A court ruling branding plans to grant approval for a controversial incinerator in Mallusk as “unlawful”, has been welcomed by local residents opposed to the project.
Community group NoArc21, established to contest arc21’s proposed 300,000 tonne waste incinerator at the Hightown Quarry site, won its judicial review legal challenge this week against planning permission for the facility, which was granted by the Department for Infrastructure in September 2017.
The court’s decision found that the DFI Permanent Secretary Peter May, did not have the appropriate lawful authority to issue the planning consent in the absence of a Minister in charge of the Department.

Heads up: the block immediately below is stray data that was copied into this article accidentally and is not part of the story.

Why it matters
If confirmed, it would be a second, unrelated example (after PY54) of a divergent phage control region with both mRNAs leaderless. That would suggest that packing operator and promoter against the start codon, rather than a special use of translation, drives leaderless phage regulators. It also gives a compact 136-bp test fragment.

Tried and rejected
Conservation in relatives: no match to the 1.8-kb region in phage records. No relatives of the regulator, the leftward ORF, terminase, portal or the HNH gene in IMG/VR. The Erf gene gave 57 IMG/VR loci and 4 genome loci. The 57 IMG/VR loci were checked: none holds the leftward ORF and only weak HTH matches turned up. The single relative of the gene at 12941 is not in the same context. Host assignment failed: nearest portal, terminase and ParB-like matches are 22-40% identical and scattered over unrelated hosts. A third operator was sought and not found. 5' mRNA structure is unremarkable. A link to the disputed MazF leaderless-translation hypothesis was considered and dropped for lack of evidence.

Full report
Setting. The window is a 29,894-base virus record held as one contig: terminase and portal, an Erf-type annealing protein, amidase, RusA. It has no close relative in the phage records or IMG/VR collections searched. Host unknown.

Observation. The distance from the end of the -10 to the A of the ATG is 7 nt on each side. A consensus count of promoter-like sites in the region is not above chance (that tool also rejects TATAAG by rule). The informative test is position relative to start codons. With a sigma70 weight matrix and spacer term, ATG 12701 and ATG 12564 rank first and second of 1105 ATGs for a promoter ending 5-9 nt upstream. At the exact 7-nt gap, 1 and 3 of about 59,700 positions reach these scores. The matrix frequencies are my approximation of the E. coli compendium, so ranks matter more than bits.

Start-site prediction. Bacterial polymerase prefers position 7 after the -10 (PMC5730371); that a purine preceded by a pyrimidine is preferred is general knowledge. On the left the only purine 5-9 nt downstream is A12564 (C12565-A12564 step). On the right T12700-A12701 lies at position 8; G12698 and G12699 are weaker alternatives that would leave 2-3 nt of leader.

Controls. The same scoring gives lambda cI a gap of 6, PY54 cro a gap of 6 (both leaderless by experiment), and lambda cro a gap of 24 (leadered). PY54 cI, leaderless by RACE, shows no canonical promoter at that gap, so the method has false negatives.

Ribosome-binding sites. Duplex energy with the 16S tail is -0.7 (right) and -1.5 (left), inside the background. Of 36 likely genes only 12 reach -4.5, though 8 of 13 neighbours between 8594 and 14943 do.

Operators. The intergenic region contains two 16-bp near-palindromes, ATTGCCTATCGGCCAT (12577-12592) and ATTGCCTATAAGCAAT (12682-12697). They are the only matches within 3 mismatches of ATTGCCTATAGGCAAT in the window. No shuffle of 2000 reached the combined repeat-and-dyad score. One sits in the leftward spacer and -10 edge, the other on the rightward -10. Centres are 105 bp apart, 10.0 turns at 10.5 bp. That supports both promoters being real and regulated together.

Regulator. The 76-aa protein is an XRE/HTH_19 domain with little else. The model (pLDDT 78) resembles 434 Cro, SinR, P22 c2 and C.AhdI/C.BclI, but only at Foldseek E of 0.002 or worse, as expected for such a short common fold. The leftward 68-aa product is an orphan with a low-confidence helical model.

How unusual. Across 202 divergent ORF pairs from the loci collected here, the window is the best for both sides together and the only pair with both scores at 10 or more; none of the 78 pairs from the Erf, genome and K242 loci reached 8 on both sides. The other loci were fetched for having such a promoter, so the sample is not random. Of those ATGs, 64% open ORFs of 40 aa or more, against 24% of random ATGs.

The decision effectively quashes the planning consent and marks a huge victory for the thousands of objectors to the £240million project.
Reacting to the judgement, Colin Buick, Chairperson of NoArc21, said: “We are delighted with this decision. This has been a community-based campaign run on a shoe-string budget by ordinary local people.
“We successfully argued that in the absence of a Northern Ireland Executive DFI Minister, or replacement NIO Direct Rule Minister, that the Permanent Secretary at DFI did not have lawful authority to issue the planning approval.
“We are very grateful to the judge and the court for their consideration and this decision.”
Following the court ruling, a spokesperson for arc21 stated: “arc21 is disappointed by today’s ruling.
“We will take time to consider the judgement in detail and consult with our stakeholders.”